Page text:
Capturing carbon dioxide (CO2) from stationary sources and injecting it into deep underground geologic formations has been identified as a viable method for reducing carbon emissions to the atmosphere. Sedimentary rocks, such as sandstones overlain by shales or evaporites, are the preferred formations because their morphology and structure provide pore space, and containment for the long term storage of CO2. Sandstone formations have also served as repositories to migrating hydrocarbons, and are the sites of many oil recovery operations. For many depleted oil reservoirs, secondary waterflooding recovery methods are no longer efficient or economically viable, hence the application of tertiary CO2 enhanced oil recovery (CO 2-EOR) followed by CO2 storage is an attractive and cost effective business plan.
Citronelle Oil Field, located in southwest Alabama, is the largest and longest producing sandstone oil reservoir in the state, having produced more than 170 million barrels of oil from its estimated 500 million barrels of original oil in place, since its discovery in 1955. The field is in the later stages of secondary recovery by waterflooding and daily oil production has declined considerably. The field is comprised of the Upper and Lower Donovan hydrocarbon bearing sandstones, which are separated by the saline-water-bearing sandstones of the Middle Donovan. The Ferry Lake Anhydrite, which overlies the three sections, serves as their caprock.
The present work is focused on an investigation of the feasibility of a CO2-EOR project for the Citronelle Oil Field and the use of the Middle Donovan for long term CO2 storage. A set of static calculations, based on estimation methods which were retrieved from publications in the field, was followed by computer simulations using MASTER 3.0, TOUGH2-ECO2N, and TOUGHREACT. Results using MASTER 3.0, for simulation of CO2-EOR, indicated that nearly 50 million barrels of additional oil could be produced by tertiary recovery. Results using TOUGH2-ECO2N and TOUGHREACT, for the simulations of CO2 storage, indicated that 159 million metric tons (175 short tons) of CO2 could be stored in the Middle Donovan formation. An investigation into possible CO2 leakage from the reservoirs indicated that the Ferry Lake Anhydrite serves as a very reliable long term storage seal.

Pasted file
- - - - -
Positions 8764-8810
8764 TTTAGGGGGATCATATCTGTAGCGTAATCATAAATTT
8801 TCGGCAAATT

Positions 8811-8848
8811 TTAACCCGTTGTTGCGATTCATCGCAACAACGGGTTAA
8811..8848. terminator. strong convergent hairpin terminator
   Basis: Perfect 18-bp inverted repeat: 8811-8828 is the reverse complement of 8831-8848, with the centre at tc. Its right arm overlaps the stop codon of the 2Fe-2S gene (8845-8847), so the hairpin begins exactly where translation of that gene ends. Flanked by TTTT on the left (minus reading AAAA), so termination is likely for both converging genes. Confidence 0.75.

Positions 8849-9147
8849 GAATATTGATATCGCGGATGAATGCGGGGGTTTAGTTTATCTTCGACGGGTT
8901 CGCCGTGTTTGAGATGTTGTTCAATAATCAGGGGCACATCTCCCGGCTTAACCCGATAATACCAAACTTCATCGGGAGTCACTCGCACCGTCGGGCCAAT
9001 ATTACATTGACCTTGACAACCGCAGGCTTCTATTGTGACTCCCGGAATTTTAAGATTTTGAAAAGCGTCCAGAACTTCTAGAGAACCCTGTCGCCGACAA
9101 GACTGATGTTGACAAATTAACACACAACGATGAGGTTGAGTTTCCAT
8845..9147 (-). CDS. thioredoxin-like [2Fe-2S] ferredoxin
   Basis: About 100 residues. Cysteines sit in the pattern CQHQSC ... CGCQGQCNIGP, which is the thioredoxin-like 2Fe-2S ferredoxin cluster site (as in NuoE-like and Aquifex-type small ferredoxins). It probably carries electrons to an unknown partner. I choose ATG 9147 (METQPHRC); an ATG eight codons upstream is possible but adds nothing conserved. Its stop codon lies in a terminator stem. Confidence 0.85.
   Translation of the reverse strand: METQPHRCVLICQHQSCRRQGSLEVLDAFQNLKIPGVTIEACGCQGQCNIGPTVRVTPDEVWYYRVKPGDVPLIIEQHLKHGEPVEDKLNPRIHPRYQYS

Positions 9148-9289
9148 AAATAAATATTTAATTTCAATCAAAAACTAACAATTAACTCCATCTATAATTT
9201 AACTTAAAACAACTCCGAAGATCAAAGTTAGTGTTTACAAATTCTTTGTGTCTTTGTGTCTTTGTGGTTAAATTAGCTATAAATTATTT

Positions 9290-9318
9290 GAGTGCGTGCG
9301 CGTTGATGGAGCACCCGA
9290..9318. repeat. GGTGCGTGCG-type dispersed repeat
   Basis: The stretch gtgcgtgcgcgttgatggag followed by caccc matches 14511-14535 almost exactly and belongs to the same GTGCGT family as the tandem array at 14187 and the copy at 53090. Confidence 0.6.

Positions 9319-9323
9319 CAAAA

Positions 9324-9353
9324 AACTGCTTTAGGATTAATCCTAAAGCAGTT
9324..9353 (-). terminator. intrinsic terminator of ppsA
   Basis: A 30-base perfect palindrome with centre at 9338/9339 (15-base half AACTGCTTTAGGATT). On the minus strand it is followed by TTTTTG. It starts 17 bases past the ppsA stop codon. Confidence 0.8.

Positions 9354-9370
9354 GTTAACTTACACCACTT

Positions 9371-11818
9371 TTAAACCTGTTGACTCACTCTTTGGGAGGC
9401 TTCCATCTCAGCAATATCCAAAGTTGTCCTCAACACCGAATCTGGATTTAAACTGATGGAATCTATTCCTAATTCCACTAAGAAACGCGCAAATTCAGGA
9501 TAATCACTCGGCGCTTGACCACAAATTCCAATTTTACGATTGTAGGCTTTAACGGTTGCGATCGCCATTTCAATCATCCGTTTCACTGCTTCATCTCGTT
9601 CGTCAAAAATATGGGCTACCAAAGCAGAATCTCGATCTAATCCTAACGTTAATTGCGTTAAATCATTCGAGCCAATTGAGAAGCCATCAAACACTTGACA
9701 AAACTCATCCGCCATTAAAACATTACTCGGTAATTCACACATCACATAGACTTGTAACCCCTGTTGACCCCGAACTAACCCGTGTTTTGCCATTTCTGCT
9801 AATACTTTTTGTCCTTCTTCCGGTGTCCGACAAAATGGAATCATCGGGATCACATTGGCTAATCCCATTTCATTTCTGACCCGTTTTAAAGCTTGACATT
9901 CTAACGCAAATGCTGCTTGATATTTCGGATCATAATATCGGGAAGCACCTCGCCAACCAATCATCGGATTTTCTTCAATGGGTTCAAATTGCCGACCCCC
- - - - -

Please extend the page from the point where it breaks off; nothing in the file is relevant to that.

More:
The present work can serve as a template for preliminary assessment of tertiary oil recovery and CO2 storage of similar oil reservoirs and saline-water formations.
|Advisor:||Walsh, Peter M.|
|Commitee:||Belbas, Stavros A., Hosch, Ian E., Koomullil, Roy P., Lalor, Melinda M.|
|School:||The University of Alabama at Birmingham|
|School Location:||United States -- Alabama|
|Source:||DAI-B 74/12(E), Dissertation Abstracts International|
|Subjects:||Engineering, Petroleum engineering, Environmental engineering|
|Keywords:||Carbon dioxide mineralization, Carbon dioxide storage capacity, Citronelle oil field, Critical carbon dioxide column height, Enhanced oil recovery, Geologic carbon sequestration|
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